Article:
Martin Luther King’s Beyond Vietnam

Category: Person
Date added
2020/02/29
Pages:  3
Words:  876
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King uses a strong emotional appeal which strengthens his argument, and causes the audience to greater relate to the issue at hand. One of the many ways he does this is by connecting the poverty in the United States to the war in Vietnam. King states, “”I speak for the poor of America who are paying the double price of smashed hopes at home. He makes it a point to clarify that because of the war, many people who are already at a disadvantage, are suffering even more. This makes his argument more personal and can therefore be easier to relate to fellow U.S. citizens. By bringing out the ugly truth of the effects the war has on the American people, the audience will in turn empathize with those who are not as fortunate. In addition, King also states how the Vietnamese are living in even poorer conditions whose land “”is being laid waste. The mentioning of how the war not only affects us internally, but is causing harm to those in Vietnam brings the audience to sympathize with those involved. The issue becomes more realistic and helps Americans understand the capability of harm the war has on Vietnam. King also makes it a point to mention that the war leaves the women and children of Vietnam “”corrupted. He clearly states and reiterates this in his speech twice to get the point across that this war is harming those that did not ask to go through it; this causes the reader to recognize that the battle is not benefitting either side, just hurting those that are a part of it. The audience will then oppose the war, since they are more likely to relate to a women and child and feel sorry for the suffering they may be faced with. With using emotional appeal, King makes the audience able to relate closely to the war and its effects.

Throughout the speech, King uses his experiences as a recognized leader in order to gain authority. He immediately begins his speech by how he is honored to be working alongside some of the greatest “”distinguished leaders. Right off the bat, King builds up his credibility and makes him a more reliable source in regards to the war he is speaking out about. The audience is more likely to trust him due to the other highly recognized leaders he mentions in his opening statement. Another way he does this is by mentioning his Nobel Peace Prize as “”commission. He does not brag about the prize itself, but about how the prize only made him want to work harder for the betterment of his society. His audience is more likely to trust him and his view on the war once they see him as selfless and only wants what is best for the United States. Lastly, King uses personal experiences to build his hold on the audience. A claim he makes in his speech is how he wants the audience to be more aware of what happens in their country and is being worsened by the continuation of the Vietnam War. He states how he has “”walked among the desperate, rejected, and angry young men to show that he has gone through what others at the moment are going through. This experience of being in the ghettos and how he has tried to console those living there, shows that he knows what the people are going through. In addition, his encounter with their struggles makes him a reliable source. King’s credibility is strengthened through all the things he has experienced.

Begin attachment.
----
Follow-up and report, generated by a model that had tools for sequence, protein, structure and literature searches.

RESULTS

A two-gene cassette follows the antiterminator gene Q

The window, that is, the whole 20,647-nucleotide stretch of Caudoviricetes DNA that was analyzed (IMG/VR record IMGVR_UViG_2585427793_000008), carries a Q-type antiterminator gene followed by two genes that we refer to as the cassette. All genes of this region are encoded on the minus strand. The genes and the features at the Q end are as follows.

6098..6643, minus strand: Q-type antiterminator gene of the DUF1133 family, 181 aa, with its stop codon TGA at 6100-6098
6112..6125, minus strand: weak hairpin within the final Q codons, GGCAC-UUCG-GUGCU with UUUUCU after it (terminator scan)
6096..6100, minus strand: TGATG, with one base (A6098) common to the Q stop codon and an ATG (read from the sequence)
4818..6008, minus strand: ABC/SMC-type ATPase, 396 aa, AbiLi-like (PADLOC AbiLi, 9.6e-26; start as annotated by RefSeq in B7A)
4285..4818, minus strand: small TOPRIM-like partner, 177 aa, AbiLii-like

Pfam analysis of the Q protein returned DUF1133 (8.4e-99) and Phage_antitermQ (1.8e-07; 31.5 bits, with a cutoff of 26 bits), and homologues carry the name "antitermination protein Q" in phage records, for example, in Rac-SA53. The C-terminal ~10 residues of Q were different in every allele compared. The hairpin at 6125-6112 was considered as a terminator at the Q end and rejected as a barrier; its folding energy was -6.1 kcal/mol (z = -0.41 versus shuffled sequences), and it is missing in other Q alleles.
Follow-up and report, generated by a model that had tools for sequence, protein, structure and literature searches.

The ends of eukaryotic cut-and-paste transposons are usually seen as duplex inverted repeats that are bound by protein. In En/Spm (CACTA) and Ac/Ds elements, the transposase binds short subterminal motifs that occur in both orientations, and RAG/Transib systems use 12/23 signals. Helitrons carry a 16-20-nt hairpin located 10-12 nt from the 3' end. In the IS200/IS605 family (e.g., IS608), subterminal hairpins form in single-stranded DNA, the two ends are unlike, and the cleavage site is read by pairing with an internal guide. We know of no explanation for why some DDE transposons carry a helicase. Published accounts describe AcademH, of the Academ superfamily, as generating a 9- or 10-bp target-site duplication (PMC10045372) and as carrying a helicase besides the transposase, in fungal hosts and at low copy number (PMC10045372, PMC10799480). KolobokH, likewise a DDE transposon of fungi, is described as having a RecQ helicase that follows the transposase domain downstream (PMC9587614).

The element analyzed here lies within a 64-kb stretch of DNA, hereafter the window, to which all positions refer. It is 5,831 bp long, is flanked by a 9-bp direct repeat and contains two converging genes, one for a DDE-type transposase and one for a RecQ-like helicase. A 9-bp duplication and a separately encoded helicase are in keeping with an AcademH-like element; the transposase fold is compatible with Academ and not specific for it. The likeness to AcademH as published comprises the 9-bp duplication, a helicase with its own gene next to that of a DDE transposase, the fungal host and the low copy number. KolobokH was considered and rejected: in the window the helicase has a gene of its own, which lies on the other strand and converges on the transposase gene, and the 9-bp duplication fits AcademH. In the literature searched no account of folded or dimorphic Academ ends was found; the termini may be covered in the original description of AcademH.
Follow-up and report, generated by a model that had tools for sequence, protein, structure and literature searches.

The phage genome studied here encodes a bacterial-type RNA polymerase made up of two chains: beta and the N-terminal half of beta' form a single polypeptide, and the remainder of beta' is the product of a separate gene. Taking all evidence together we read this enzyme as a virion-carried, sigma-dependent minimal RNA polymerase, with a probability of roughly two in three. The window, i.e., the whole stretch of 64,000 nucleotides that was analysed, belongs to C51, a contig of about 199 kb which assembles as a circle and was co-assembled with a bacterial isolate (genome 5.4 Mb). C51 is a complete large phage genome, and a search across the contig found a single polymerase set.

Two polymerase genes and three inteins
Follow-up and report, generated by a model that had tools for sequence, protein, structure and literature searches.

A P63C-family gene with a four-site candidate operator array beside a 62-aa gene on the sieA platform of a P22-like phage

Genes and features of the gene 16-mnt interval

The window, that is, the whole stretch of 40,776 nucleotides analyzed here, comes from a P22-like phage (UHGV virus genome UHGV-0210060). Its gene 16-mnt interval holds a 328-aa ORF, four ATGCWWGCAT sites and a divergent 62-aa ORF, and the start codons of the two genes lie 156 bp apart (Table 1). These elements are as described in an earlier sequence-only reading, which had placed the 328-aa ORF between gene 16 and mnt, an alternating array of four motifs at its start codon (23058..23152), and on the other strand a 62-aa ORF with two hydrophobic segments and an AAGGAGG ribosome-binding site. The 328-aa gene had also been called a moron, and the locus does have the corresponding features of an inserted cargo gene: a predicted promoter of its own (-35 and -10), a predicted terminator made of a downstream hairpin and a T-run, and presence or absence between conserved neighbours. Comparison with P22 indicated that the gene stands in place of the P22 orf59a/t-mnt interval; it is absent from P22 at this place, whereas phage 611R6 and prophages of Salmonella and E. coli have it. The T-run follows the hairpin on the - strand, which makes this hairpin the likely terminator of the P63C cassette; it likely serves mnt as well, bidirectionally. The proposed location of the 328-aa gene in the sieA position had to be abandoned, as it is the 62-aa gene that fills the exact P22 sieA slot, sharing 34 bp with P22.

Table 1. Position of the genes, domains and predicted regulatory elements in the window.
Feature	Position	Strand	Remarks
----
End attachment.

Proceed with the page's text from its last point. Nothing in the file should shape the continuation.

Martin Luther King Jr. strengthens his argument through the use of figurative language. He personifies America and describes how if “”America’s soul becomes totally poisoned that the autopsy must read that Vietnam was a contributing factor. His choice to describe the poisoning and the demise of the U.S. makes the audience more likely to agree with him. It is plausible to consider that the audience may fear what would happen to them if America were to be further “”poisoned, and may bring them to see King’s side of the argument in a better light. In addition to personification, King uses a fallacy in order to effectively gain the audiences support. In his speech he mentions “”it should be incandescently clear that no one who has any concern for the integrity and life of America today can ignore the present war. This either or fallacy claims that if you are not against the Vietnam War and its effects, then you must not care about the integrity of the United States. This is effective because King recognizes that most people do not like to be labeled, and will in fact change their views and morals to fit in with those in society. A simile is also used in his speech to build up his argument. He writes how “”America would never invest the necessary funds or energies in rehabilitation of the poorlike some demonic destructive suction tube. The comparison of a demonic tube to Vietnam is done in order to create fear in the audience. The crowd is more likely to side with him on the effects of the war in order to avoid the demonic side of the issue.

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Martin Luther King's Beyond Vietnam. (2020, Feb 29). Retrieved from https://papersowl.com/examples/martin-luther-kings-beyond-vietnam/

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